SAN JOSE, Calif. – The U.S. Olympic men’s figure skating team will be Nathan Chen and….?
Chen solidified his position as an Olympic medal threat and Ross Miner gave U.S. Figure Skating’s selection committee a major conundrum.
Skating to music from “Mao’s Last Dancer” in his free skate at the 2018 U.S. Figure Skating Championships, Chen hit five quadruple jumps, including two in combination.
The 18-year-old’s only mistake was singling a planned triple axel. It didn’t matter. He scored 315.23 points to win by 40.72 points and matched his quad output from 2017, when he became the first man to perform five quads in a program.
“I really think I did my job here,” said Chen. “Everything I wanted to do, I got done. I’ll use this as motivation for next month.”
He is the first male skater to win two national titles in a row since Jeremy Abbott in 2009-2010.
But who will accompany Chen to the Olympic Winter Games PyeongChang 2018? A selection committee must ponder the results and compare them with results over the past two seasons.
Will it be Miner, who placed a surprising second after taking only sixth in the short program; world junior champ Vincent Zhou, who was third; or 28-year-old Adam Rippon, who had several uncharacteristic mistakes to come in fourth? Only two of the three can go to the Games.
Miner, who will turn 27 later this month, was a blast from the past. The 2009 U.S. junior champion who was third at the 2011 and 2012 national championships and second in 2013, performed a crowd-pleasing routine to a Queen medley to finish with 274.51 points.
“I had one of the most fun nights I’ve ever had on the ice,” said Miner.
He opened his free skate with a quad salchow. “It felt great to go out there and just stomp the landing and show a beautiful quad,” he said.
But Miner’s performance is the type of situation that prompted U.S. Figure Skating to implement a set of criteria for the selection committee to weigh.
He does not have a stellar recent body of work. His best result this season was sixth at Skate America, while he was fifth at a Challenger Series event.
“I know it’s not a fluke,” Miner, who was fifth at the 2016 and 2017 nationals, said of his performance. “That’s what I do at home every day and this was the big moment and I went out there and had no regrets.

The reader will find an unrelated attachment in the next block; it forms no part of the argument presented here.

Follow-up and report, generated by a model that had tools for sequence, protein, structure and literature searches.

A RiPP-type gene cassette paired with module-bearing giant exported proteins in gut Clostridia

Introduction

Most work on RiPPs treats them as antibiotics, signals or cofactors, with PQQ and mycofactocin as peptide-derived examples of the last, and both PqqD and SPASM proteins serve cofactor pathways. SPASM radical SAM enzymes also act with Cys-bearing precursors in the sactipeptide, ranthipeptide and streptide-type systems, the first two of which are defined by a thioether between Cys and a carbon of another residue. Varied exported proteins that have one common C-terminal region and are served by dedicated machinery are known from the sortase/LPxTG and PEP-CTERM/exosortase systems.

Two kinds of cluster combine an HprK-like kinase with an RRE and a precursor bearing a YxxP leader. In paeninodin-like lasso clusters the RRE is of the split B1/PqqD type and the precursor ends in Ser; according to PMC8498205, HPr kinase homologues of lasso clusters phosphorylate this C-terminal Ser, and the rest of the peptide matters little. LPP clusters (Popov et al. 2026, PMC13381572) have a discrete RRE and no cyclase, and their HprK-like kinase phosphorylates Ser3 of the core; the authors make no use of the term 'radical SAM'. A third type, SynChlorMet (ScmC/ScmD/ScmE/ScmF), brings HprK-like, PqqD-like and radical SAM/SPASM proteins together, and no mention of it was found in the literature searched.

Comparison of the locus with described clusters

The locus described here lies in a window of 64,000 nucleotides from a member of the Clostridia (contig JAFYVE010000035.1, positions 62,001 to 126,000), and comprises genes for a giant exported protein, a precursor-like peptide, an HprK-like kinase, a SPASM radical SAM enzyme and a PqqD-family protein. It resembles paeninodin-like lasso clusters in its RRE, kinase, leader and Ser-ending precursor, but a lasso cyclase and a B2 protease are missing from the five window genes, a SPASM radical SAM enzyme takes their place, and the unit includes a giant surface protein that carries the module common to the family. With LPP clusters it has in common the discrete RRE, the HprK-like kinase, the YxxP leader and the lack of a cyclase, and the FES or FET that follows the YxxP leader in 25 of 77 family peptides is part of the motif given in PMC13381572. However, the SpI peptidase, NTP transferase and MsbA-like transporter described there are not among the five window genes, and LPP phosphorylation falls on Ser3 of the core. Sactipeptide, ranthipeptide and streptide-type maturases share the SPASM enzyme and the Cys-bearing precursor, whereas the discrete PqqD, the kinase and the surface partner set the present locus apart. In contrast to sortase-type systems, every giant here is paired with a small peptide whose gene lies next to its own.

“It’s up to them to decide what they decide, but I think I deserve to be there.”
Zhou, the runner-up at the 2017 nationals, also made a strong case for himself.
“I know that I deserve to go to Korea,” he said, “but that’s not up to me.”
The only skater who is a prodigious jumper like Chen, Zhou was just behind Miner in third place with 273.83 points. The 17-year-old, who recently dislocated his shoulder, landed four quads, though three were under-rotated, then fell on his quad toeloop.
Zhou, who is from nearby Palo Alto, California, said hearing the crowd “was causing damage to my eardrums.”
“The energy was flowing through my veins,” he added. “I know I made some mistakes, but overall I’m proud of myself for fighting all the way through tonight.”
Rippon, however, finished his program knowing he’d put his Olympic dream in jeopardy.
In second after the short program, Rippon fell on his quad lutz attempt, then singled both his planned triple salchow and triple lutz. He grimaced as the music ended and scored 268.34 points.
Yet Rippon has crunched the numbers that count – second at Skate America and NHK Trophy and fifth at the Grand Prix Final. A broken foot caused him to miss the 2017 nationals.
“I feel like I have better criteria than second and third place here,” Rippon said, “but with that being said Vincent and Ross skated very well tonight and no matter what the selection is, I will be 100 percent OK and can handle that.”
Jason Brown, the only returning Olympian in the men’s competition, dropped from third to sixth.
Chen gives Team USA hope for its first Olympic medal in men’s or women’s singles since Evan Lysacek won the gold in 2010.
He is the Grand Prix Final champion and also won at Skate America and Rostelecom Cup. But this was the first time Chen accomplished a five-quad program this season.
He swapped out his quad lutz for a quad flip. “I wanted to do more of a clean program,” Chen said, “something I haven’t been able to do all season.”
Last year he set a U.S. record with 318.47 points for a 55.44-point margin of victory.
“I definitely set a big bar for myself last year,” Chen said. “I wouldn’t even say I reached it today. I still have a way to go before I’m able to beat what I did last year.”
He experienced his first major international competition at the world championships, where he was sixth. “I know what it’s like to compete at a pretty big senior event,” he said. “I know I’m capable of doing that. I have to do all the right steps. Today was close to that and gives me a lot of confidence going into February.”
He still remembers watching the 2002 Salt Lake City Games when he wasn’t yet 3 years old.
“It’s been a really fun journey since 2002 where I started,” Chen said. “This is definitely where I wanted to be. This is all I dreamed of, I’m happy I took the right steps. it’s all happening so fast, it seems like just yesterday I first stepped on the ice, I still need time to wrap my head around it, but I’m happy with everything that’s happening."